How will these be distributed?

The laptops are generally sold to governments and issued to children by schools on a basis of one laptop per child; using this model, we began deployments around the world in 2007. An additional allocation of machines was used to seed the developer community, to enable a broader community of participation, and roughly 80,000 laptops were donated to countries around the world through grassroots donation efforts. As of 2011, over 2 million laptops have been distributed under this model.

Who is the original design manufacturer of the XO?

Quanta Computer Inc. of Taiwan has been chosen as the original design manufacturer (ODM) for the XO project. The decision was made after the board reviewed bids from several possible manufacturing companies.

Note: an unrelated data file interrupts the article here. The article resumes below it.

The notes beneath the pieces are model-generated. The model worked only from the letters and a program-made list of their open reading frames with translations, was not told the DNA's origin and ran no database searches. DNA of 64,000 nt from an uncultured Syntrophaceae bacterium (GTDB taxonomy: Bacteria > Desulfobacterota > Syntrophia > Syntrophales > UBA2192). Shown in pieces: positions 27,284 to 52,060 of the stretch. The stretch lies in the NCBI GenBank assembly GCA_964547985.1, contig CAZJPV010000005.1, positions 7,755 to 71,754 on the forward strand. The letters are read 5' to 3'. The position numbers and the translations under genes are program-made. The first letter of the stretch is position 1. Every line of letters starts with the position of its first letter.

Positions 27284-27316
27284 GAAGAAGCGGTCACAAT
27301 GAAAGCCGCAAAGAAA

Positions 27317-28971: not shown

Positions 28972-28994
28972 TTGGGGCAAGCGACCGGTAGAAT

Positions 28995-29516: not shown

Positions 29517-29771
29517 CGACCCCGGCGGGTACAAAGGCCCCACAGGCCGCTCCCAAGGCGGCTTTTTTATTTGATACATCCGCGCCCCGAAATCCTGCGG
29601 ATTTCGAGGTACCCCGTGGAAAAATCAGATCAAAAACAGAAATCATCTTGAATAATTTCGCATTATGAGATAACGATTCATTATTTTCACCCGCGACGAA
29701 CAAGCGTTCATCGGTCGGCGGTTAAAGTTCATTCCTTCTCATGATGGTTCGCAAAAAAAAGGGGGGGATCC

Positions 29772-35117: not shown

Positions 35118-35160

Quanta Computer Inc. was founded in 1988 in Taiwan. With over US $10 billion in sales, Quanta is the world’s largest manufacturer of laptop PCs; the company also manufactures mobile phones, LCD TVs, and servers and storage products. In addition, Quanta recently opened a new US $200 million R&D center, Quanta R&D Complex (QRDC), in Taiwan. The facility has 2.2 million square feet of floor space, and a capacity to house up to 7,000 engineers.

How is this initiative structured?

The XO was developed by One Laptop per Child (OLPC), a Delaware-based, non-profit organization created by faculty members from the MIT Media Lab to design, manufacture, and distribute laptops that are sufficiently inexpensive to provide every child in the world access to knowledge and modern forms of education. OLPC is based on constructionist theories of learning pioneered by Seymour Papert and Alan Kay, and on the principles in Nicholas Negroponte’s book Being Digital. The founding corporate members were Advanced Micro Devices (AMD), Brightstar, Chi Lin, eBay, Google, Marvell, News Corporation, Nortel, Quanta, Red Hat, and SES Astra.